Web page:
The In Depth Group locally (Barton-upon-Humber) discusses Paul Tillich this evening, led by my presentation. He is often misunderstood (I'd suggest). He was one of the few theologians who broke through into popular culture, but has been regarded as rather more liberal and open than perhaps he was. He gave a role to culture, and used existential terms, but like the other modernist theologians he had a closed not an open hermeneutical circle when it came to defining Christ and he was not open to history as were his nineteenth century liberal predecessors. He used analogy, which was parallel to other forms of meaning, but kept a safe distance.
For me, this won't do, and is a kind of theological protectionism. Like many, I came to Tillich via John Robinson's reuse of him in Honest to God (1962), but in looking at Tillich more directly it seemed to me he offered no 'way in' but gave sealed Christian answers to existential questions, and made him more dogmatic than the image he carries.
My cartoon is of Tillich as an emigrant to the United States in 1936.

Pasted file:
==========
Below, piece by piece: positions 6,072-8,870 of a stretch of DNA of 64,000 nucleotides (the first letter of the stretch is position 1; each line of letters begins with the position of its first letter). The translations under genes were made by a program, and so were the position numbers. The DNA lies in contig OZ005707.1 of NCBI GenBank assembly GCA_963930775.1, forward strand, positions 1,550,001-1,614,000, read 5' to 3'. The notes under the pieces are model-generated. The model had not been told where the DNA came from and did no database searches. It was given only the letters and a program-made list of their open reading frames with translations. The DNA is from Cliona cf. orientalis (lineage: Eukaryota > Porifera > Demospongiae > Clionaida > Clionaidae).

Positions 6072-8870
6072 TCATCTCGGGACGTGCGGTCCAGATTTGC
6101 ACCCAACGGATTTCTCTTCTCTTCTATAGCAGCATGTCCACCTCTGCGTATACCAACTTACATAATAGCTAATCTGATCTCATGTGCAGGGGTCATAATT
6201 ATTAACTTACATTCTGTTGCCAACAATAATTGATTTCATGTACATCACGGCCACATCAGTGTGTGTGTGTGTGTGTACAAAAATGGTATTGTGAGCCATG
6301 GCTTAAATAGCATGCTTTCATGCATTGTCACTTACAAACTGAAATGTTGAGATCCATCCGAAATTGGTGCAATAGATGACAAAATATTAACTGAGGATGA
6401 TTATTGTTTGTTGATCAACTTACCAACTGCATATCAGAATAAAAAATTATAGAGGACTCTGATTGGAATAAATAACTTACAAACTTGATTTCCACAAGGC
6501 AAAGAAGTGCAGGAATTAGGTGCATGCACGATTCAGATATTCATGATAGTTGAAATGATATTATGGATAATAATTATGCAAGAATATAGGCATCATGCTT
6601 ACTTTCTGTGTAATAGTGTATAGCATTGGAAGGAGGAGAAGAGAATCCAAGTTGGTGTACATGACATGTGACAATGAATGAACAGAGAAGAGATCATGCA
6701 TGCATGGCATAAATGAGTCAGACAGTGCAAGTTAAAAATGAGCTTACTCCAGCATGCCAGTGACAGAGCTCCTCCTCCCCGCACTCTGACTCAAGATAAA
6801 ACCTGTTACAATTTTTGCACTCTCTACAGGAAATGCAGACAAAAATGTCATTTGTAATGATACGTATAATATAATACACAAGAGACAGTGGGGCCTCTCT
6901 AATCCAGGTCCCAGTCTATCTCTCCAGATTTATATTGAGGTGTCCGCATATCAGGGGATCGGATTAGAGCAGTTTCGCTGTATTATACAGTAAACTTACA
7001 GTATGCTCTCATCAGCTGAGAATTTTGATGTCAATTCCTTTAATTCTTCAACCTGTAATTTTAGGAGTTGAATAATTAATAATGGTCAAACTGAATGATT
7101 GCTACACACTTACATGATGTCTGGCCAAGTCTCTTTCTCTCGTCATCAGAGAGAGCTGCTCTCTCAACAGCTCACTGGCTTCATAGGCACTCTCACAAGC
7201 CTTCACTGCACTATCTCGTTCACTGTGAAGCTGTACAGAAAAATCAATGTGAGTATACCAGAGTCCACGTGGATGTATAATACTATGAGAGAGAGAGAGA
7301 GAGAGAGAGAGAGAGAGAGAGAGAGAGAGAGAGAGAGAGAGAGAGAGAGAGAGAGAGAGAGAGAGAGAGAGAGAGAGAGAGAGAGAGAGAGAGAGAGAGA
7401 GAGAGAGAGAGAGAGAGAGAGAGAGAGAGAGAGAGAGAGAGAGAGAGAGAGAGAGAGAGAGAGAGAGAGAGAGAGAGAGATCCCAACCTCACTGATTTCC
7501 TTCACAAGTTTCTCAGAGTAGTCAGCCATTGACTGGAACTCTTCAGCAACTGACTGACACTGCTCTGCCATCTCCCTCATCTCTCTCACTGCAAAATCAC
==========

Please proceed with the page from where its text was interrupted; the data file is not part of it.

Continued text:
It was a good discussion. It helps explanation by adlibbing through prepared paragraphs. The discussion centred around existentialism and its use and correlation. I spoke about angst, or alienation and anomie, as existential states: that we are born by biological accident and are destined to die and we wonder at the point of it all, in the context of Western culture. Tillich via correlation provides Christian answers using existential language. I arrived at his New Being has a power that comes from it being a real human being but then he has no method to attach this to a real human being, and even says New Being could be so if not an historical person! So then Tillich gets close to that of the biblical narrative (rather than as systematic theologian) but draws instead the notion of the essence of something, such as the Gehalt or impact in art, as in Expressionism but in fact in any art. So he wriggles out of becoming yet another narrative theologian (the biblical narrative as a kind of drama) by this dealing with culture. Nevertheless the circle is closed and the Christ concept is protected, quite differently from the nineteenth centry liberal theologians. We discussed if Tillich's non-being to New Being underpinned by Being could relate to other than Western culture, for example mountainside Tibetan culture of many men marrying one woman for resource reasons (removing some angst there) and how all faiths correlate culturally.